Monica: Coming from a Xicana Indigenous perspective, I identify with my ancestral indigenous roots…although I don’t know all of them. Since I am a first-generation and my parents came from Mexico, coming here to work – although, my grandparents with my father’s side were born here. Even though I am a first generation. And even though we both had to assimilate, we have had a long past in these lands and it goes to show of the traveling that happens on these lands even before and after these US-Mexico border existed. There are many stories between these land, trading and natural flow of migration, trading of riches between communities north and south.

Now, a government to which many of us don’t agree with is perpetually stealing our rights by fiercely controlling these lands. It persecutes, incarcerates, and threatens the way of life for many of our relatives – whether they classify as indigenous or Mexicanos or immigrants from other countries. It is all part of an unjustified behavior. People that come and contribute to the community would love to visit families and come back to continue working. If it wasn’t for this walls, we could create this rich way of doing trading and commerce that does not involve fear. The reason that I say that is because there is a sense of control around the border. Many of us know the reason why it is there why the U.S. needs control of this borders. Not just here, but also in the Middle East and in the Israel-Palestine border. Again we go into the topic of connecting these borders and understanding that no matter if you are indigenous, “Mexican”, or Palestine all these issues are well connected. Many people can identify with the indigenous struggle.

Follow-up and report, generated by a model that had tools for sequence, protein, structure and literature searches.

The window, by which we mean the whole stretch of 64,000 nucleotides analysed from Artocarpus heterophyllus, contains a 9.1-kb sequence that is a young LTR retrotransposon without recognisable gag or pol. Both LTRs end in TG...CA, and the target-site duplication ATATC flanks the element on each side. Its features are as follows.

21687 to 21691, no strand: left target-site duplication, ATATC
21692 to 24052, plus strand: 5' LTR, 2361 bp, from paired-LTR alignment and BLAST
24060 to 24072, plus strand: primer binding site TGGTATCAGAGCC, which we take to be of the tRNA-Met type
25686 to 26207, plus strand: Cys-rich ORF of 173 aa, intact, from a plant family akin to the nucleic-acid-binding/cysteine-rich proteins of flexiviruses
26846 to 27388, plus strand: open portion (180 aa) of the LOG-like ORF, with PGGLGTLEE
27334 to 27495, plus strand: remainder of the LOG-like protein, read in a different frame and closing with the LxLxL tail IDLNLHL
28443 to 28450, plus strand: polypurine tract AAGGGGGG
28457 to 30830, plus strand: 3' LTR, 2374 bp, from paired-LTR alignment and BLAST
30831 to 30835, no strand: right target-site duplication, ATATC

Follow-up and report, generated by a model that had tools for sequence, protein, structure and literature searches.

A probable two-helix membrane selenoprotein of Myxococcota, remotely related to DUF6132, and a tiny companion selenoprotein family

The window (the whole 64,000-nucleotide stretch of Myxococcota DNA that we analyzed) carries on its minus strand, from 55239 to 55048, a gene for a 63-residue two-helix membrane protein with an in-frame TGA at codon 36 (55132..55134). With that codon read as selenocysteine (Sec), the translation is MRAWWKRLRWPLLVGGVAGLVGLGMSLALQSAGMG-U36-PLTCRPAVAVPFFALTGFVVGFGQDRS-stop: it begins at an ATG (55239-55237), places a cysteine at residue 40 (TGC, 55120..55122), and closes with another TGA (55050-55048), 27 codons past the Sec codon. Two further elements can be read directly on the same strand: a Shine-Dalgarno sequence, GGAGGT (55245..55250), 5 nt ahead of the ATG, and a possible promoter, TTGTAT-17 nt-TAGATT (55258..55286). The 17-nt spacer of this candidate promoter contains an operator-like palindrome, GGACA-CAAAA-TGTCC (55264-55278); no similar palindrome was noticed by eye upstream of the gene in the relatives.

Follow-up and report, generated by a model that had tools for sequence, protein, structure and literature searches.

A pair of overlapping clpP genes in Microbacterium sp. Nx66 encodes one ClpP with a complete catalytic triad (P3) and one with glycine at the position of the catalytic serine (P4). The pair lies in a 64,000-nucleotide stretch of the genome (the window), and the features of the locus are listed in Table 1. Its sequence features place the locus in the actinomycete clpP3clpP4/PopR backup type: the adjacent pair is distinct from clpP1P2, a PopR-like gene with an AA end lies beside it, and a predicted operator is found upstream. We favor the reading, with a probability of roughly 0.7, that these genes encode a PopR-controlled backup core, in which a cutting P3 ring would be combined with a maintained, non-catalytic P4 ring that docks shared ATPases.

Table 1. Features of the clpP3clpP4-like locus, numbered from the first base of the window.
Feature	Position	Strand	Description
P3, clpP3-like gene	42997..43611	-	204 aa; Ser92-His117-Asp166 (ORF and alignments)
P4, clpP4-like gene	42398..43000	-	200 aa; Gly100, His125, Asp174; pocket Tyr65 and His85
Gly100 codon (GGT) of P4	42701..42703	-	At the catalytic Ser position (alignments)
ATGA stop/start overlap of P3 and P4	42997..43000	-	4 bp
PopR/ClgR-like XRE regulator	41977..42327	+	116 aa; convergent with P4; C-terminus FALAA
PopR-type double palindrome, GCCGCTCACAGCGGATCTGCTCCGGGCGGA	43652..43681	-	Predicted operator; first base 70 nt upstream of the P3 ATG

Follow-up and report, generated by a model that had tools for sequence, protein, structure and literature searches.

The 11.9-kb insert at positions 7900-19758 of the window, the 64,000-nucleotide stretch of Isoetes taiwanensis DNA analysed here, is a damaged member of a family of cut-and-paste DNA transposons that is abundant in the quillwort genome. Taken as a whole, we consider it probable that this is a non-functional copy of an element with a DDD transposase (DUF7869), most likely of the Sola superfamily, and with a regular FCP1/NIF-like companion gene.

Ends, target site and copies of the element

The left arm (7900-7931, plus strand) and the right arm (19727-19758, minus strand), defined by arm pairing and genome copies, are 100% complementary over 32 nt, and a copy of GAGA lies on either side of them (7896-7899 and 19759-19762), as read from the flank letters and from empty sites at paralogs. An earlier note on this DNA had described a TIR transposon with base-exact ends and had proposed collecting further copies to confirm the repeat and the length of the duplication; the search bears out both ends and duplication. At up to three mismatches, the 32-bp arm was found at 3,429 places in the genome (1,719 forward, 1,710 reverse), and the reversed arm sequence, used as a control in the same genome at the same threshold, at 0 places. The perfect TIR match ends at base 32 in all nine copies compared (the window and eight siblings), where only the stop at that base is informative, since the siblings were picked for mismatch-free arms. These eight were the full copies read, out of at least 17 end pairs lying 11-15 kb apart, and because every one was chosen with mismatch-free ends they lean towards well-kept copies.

Both struggles are very similar: “we didn’t cross the borders, the border crossed us.” What is really crazy is that this border wall that we have here is that this wall we have here is about 50 kilometers from the border. The creation of these walls is totally subjected; they try to put a dangerous line through an invisible land, the so-called “U.S.” land. That does not sound right, no matter how you put it.


"We Didn't Cross the Border, the Border Crossed Us" by Monica Villareal

“We Didn’t Cross the Border, the Border Crossed Us” by Monica Villarreal

The most enraging thing about this wall is that is not in the actual international border. When I walked through there are wide gaps in between the walls. I didn’t even want to walk to other side because I thought I was not obeying to certain laws. As Margo walked and crossed to the other side, I found out it was still U.S. soil. It was still US property. They create border anywhere they want. Just to imagine that this huge thing going into the middle of your property disturbing your space and your peace, this outwardly outrageous!

My passion as an artist is to make people feel curious about this issue. But I also want to talk about hope. Something that brought hope to me was when Margo Tamez communicated to me that this is not just a Lipan Apache issue, but this is a border issue happening with millions of communities in the border. They are already beginning to create a dialogue amongst each other. It is creating a unity, necessary in the past and growing into something bigger, possibly into a movement. I really wanted to send that message and the kind of work that they are doing. This piece is just the beginning into something bigger, I can already see indigenous and immigrant working together to fight this wall. Not one more inch.

Lipan Apache Band of Texas and Allies

Lipan Apache Band of Texas and Allies